A team of researchers at Georgetown University Medical Center (GUMC) has found that loss of an anti-aging gene induces retinal degeneration in mice and might contribute to age-related macular degeneration, the major cause of blindness in the elderly.
In the Oct. 9 issue of the Journal of Neuroscience, the scientists demonstrated a key role for the aging-suppressor gene Klotho in maintaining the health of the mouse and human retina. They say that in their animal studies, loss of Klotho expression leads to characteristics observed in both kinds of macular degeneration—wet and dry—seen in humans.
Klotho, a hormone that is synthesized and secreted by some organs and tissues, is being studied worldwide for its anti-aging properties. A Japanese researcher discovered 15 years ago that when Klotho is mutated, a mouse that should live two years survives for only two months. Transgenic mice that overexpress the Klotho gene have a longer-than-expected lifespan.
"We found four important functions Klotho provides in the human retina, which leads us to believe that the gene is crucial to the health of this light sensitive tissue," says the study's senior investigator, Nady Golestaneh, PhD, assistant professor of ophthalmology, neurology, biochemistry and molecular & cellular biology at GUMC.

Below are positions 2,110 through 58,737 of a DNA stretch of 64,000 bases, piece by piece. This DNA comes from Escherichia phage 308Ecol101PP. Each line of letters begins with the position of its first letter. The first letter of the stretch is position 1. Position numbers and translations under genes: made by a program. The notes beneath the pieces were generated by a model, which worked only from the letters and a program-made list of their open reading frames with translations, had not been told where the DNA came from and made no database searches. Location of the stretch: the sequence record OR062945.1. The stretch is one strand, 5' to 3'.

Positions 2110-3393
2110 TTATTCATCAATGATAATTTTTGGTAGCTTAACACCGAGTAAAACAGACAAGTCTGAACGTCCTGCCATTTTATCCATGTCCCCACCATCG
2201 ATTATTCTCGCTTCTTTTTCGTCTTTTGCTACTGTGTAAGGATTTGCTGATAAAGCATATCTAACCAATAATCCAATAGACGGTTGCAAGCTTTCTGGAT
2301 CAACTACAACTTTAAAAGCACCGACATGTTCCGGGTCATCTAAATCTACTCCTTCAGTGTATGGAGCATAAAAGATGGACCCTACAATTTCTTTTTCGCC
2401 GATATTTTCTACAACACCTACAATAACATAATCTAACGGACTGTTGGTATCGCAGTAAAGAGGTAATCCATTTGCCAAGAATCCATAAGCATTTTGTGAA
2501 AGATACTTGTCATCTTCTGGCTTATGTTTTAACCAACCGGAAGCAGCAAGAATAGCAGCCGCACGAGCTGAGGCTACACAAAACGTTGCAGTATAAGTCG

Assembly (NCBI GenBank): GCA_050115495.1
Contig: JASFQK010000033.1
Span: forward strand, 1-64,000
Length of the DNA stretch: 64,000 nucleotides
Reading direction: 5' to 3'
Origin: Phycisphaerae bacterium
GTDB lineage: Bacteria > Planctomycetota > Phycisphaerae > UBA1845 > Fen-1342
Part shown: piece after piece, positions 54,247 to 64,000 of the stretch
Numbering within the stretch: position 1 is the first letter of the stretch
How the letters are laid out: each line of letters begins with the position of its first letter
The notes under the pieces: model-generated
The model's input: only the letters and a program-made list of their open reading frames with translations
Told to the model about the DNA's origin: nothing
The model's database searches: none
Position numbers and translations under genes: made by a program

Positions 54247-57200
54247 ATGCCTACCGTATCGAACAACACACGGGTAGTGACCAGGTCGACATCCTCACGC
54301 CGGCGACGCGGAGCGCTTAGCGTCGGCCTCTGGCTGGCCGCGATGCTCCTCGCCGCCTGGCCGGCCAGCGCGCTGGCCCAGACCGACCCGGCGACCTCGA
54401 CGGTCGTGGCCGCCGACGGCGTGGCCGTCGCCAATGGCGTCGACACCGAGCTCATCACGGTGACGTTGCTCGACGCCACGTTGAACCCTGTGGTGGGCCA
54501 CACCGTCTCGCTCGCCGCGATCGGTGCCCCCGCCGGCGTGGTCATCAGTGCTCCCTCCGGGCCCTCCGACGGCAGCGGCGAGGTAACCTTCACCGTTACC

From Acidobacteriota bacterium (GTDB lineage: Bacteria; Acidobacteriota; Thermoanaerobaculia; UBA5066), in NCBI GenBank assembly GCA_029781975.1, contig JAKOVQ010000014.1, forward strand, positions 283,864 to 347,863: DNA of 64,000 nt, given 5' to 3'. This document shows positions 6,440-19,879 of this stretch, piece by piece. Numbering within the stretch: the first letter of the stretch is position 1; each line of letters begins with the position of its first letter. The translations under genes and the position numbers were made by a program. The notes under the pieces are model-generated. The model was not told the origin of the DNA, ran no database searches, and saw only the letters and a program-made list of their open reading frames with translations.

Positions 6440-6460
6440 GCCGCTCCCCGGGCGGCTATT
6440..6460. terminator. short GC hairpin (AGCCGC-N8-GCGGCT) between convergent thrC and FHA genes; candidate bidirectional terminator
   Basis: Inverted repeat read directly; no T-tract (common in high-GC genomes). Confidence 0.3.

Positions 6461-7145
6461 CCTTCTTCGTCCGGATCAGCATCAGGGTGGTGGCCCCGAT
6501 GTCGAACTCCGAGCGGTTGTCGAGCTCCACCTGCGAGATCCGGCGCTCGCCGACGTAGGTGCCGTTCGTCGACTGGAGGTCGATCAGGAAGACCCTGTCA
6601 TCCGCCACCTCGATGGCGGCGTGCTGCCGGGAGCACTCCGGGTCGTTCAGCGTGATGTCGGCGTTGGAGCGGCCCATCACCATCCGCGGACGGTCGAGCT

They found that Klotho increases the activity of genes that synthesize the light absorbing visual pigments in the retinal cells. Klotho also increases the expression of genes that protect against the oxidative stress known to damage the retina, and which can lead to dry macular degeneration. Klotho inhibits the vascular endothelial growth factor and therefore, might play an important role in inhibiting the overgrowth of blood vessels in the eye, a major cause of wet macular degeneration.
Klotho also regulates phagocytosis of the outer segment of photoreceptors in the retina. This process allows the photoreceptors to renew themselves, and if that function is abolished, the photoreceptors degenerate and die causing blindness.
"For these reasons, we believe Klotho might be an interesting therapeutic target for age-related macular degeneration," Golestaneh says. "Gene therapy or cell therapy might be able to induce new expression of Klotho in the aging retina."
But she adds that before these strategies can be tested, research that quantifies the decline of Klotho expression in human eyes, and directly links this dysfunction to macular degeneration, must be undertaken.